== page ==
Monday, May 16, 2011

Bear Butte

This past Sunday turned out to be a decent, though windy, day. The sun was shining and there wasn't many clouds in the sky. After a day and a half of snow, Josh, Mom & Myself were ready for some outdoor exploration.

In the two years that Josh & I have lived in Deadwood, we still hadn't made it to the top of Bear Butte. On our many joy rides we've driven by, even driven up to the parking lot, but never made the hike. The drive from Deadwood to Sturgis has a complete change in landscape. Winding through the corners of Boulder Canyon the road is hilly with steep canyon walls colored green with pines. The rocks are gray, and orange and stained from the minerals leaching to the surface. The soil is dark reddish brown. A small stream runs along the road at the base of the rocky outcroppings. I'm sure you can tell it's one of my favorite rides out of town.

When you turn the first corner in Sturgis the landscape begins it's transformation. Suddenly the canyon gives way to prairie. Once through downtown Sturgis the hills are behind you and suddenly you are in wide open spaces. The pines gave way to prairie grasses, the deer to antelope and the shadows of the canyon to the sunshine of the plains.

5.15.11 Bear Butte SP
Bear Butte rises out of the plain like a bear rising from slumber. Millions of years ago igneous rock formed the butte and after those years of erosion it came to resemble a sleeping bear. The Lakota Sioux call it Mato Paha, Bear Mountain and along with other Native American Tribes respect it as a sacred place to pray and worship.

In 1973 Bear Butte was listed on the National Register of Historic Places and the trail leading to he top has been recognized as a National Recreation Trail. The trail is also the starting point (or ending) for the 111 mile Centennial Trail. The journey to the top took about an hour, an hour-fifteen and nearly every step had beautiful views. Prayer bundles were tied to trees along the way. Some were fresh, their colors still vivid, others were frayed and sun-bleached. Each blew in the wind. Unfortunately, the administration asks that non-Native America's stay on the designated trail- there were some awesome caves and rock outcroppings that we would have liked to have explored.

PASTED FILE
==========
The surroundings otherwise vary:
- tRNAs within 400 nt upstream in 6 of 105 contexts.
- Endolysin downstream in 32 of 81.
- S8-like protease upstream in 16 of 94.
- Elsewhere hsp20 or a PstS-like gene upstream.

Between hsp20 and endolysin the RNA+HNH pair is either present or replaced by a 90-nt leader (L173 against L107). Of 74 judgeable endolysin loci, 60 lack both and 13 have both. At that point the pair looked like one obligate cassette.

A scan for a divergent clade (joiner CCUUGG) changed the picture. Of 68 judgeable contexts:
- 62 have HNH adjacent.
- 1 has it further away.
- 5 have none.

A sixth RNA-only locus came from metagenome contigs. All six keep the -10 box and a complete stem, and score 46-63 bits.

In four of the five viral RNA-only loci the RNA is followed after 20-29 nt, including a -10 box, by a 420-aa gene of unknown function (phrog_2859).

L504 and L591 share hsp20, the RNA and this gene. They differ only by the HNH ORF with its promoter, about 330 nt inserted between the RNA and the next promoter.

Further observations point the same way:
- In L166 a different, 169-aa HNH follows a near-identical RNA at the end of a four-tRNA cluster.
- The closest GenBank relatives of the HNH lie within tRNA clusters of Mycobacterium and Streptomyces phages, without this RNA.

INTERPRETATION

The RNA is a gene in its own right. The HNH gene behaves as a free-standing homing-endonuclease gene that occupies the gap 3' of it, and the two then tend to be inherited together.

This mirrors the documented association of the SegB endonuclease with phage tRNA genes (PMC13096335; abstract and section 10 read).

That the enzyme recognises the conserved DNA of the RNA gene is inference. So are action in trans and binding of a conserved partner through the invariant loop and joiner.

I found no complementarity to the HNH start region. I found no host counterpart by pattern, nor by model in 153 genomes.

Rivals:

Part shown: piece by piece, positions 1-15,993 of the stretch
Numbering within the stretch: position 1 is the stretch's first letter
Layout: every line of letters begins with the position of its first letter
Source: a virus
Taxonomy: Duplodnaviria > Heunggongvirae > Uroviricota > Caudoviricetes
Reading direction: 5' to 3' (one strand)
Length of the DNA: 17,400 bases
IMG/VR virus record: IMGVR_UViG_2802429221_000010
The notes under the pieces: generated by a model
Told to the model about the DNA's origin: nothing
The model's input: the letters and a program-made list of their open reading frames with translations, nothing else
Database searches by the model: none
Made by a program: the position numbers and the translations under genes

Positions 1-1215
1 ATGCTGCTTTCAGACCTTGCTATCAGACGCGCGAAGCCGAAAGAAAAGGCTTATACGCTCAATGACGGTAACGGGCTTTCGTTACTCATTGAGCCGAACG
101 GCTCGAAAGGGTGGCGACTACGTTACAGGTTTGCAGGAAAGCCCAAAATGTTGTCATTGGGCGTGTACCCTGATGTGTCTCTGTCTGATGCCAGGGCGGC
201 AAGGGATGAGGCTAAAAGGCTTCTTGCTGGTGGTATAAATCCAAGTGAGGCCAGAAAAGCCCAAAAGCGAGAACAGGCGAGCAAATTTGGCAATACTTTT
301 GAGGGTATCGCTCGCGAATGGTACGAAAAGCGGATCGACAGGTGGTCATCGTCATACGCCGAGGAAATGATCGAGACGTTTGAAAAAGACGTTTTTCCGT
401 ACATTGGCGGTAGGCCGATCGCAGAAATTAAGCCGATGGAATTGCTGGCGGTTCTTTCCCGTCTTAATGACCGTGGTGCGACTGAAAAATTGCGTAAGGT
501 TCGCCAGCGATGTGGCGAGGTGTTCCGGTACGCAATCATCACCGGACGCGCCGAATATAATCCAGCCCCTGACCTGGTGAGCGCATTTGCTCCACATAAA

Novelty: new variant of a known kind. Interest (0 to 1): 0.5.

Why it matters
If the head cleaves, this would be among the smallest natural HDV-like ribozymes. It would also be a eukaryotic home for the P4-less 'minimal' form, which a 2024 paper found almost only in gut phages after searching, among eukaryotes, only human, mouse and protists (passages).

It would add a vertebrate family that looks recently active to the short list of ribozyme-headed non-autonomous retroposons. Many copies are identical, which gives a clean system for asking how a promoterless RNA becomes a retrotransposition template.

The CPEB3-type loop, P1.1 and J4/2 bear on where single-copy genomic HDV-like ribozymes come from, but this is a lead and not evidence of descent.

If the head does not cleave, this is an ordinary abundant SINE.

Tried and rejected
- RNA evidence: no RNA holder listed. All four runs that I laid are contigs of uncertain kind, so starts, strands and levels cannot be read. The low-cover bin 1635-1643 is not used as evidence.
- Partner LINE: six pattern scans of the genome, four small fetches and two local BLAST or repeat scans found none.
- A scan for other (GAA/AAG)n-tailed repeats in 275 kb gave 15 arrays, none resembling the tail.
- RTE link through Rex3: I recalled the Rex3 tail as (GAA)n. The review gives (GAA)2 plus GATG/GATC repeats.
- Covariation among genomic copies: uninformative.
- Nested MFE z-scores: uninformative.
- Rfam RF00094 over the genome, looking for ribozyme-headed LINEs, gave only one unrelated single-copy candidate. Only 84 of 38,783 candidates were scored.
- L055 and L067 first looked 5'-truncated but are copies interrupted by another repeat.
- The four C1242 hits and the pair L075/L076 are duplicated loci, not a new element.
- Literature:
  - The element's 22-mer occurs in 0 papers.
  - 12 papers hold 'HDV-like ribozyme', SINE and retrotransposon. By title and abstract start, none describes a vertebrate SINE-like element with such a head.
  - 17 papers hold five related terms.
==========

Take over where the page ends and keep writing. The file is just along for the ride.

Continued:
5.15.11 Top of Bear Butte
At the top we took the usual tourist photos of ourselves and rested at on the platform. We stayed awhile to take it all in and Josh noticed how the game were leaving trails across the rocky talus. It was awesome to packed rock where the game had packed trails. We also tried to spot the buffalo herd that inhabits the park but didn't have any luck. After milling around for a bit we began the hike down, stopping at each turn in the trail to take a picture or two. The trip down was only about 35 minutes and soon we were back at the car, cruising through Boulder Canyon on our way home.

My Mom was heading out the next morning, so we decided to make a quick stop in at Schade Winery. There were still wines to be tasted. I tried a couple that I had passed over the weekend before and ended up buying a bottle of Blackberry. It's just so delicious.

Back at the house we started the charcoal and prepared some burgers for the BBQ we had been planning. Some of our friends that my Mom knew came over and we visited and ate and ate some more. Then drank some Blackberry wine. It was nice having everyone at our place and it was starting to feel like summer.

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